Soccer Coaching Blog | Professional Soccer Coaching Advice

Why quick throws work for youth teams

David ClarkeLast weekend, we were lucky to find our game was on given that most of the country was under water – we played on astro turf as our usual pitch was too wet. It was a fast game, requiring player reactions to be somewhat quicker than normal.

But whether on a fast surface or not, I always ask my players to think about performing quick, instinctive actions all the time anyway. Sure enough, on Saturday, we scored an opportunist goal thanks to one of my players taking a quick throw-in while the opposition was still getting set up to defend the set play. After the ball went dead, my winger ran over, picked it up and threw it first time into the path of one of our attackers. Two touches later, and the ball was in the back of the net before the keeper had even realised what was happening.

Something like a quick throw-in can make a huge difference in matches, and particularly in youth football where players are not as ‘tuned in’ and alert as they are in the pro game. Of course, players need to show good technique if they are to take advantage of the situation. In fact, after we had used the quick throw-in successfully, another one of my players repeatedly tried to replicate the tactic, and on each occasion he was penalised for lifting one of his feet off the ground.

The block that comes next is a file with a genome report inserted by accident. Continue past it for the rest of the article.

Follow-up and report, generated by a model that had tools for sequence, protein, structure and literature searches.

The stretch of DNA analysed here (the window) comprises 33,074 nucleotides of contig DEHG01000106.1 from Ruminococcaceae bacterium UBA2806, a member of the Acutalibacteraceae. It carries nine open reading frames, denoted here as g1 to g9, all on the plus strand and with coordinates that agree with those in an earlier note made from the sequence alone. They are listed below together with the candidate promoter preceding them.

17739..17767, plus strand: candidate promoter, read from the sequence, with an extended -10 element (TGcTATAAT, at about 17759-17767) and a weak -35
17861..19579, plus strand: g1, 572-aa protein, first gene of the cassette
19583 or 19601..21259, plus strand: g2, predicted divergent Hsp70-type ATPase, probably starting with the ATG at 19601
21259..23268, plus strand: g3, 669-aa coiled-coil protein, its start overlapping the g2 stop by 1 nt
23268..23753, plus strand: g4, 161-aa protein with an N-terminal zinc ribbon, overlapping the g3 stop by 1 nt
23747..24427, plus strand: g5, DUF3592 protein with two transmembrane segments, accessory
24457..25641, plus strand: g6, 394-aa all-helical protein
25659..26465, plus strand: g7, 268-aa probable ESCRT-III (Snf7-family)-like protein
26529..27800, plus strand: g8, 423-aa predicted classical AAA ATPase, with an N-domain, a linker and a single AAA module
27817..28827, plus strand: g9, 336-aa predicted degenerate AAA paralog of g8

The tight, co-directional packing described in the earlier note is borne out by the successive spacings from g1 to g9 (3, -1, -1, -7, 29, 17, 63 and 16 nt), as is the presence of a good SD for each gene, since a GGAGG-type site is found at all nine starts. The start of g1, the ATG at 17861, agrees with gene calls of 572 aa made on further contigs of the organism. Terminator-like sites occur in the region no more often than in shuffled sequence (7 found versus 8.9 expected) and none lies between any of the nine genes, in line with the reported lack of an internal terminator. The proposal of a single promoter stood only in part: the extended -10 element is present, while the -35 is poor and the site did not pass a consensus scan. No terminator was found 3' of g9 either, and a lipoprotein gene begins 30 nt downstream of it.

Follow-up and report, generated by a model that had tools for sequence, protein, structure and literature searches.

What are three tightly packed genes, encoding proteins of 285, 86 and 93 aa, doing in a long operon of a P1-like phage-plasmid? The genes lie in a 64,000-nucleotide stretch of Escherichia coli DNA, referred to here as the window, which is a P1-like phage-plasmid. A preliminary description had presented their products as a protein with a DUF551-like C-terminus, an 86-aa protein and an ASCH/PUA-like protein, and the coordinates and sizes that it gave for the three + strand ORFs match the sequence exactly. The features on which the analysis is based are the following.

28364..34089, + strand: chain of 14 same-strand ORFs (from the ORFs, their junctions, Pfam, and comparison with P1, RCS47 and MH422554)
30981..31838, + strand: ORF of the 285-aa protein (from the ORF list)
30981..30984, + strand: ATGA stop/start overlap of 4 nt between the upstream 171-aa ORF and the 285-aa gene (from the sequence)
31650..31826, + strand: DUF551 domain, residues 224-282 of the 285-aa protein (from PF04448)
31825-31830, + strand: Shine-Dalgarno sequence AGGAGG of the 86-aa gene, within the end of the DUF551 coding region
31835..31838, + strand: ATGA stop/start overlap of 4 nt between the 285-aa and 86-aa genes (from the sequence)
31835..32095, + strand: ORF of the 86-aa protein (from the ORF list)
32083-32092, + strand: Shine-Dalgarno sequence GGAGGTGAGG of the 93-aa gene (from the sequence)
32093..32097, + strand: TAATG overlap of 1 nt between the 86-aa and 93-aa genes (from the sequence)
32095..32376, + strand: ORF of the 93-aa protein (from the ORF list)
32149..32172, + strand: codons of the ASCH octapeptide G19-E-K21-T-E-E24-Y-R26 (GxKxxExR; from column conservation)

I know he felt frustrated about it – he was trying to perform the throw quickly, but as a result lost sight of the action itself. You could say he was quick, but couldn’t keep to the rules!

But it’s still worth using quick throw-ins at every opportunity in your coaching sessions. Get players to try it under timed pressure – each time there’s a throw-in they have only 10 seconds to get into position and perform the action.

Of course, to make the most of this in game situations you’ll need for each player to excel at the technique. A lot of teams will have one or two players who are specialists, but if you want quick throw-ins, they’ll need to be performed by the player nearest the ball.

Tell your players to remember:

  •  To take the throw-in from where the ball went out of play
  • That their team mates can’t be offside from a throw-in
  • That another player has to touch the ball before the thrower can touch it again
  • That a goal cannot be scored directly from a throw-in
  • And that opponents must stand more than two yards from the thrower

Try it out! It’s a great feeling the first time your team proves that something as basic as a throw-in can be utilised to such devastating effect!


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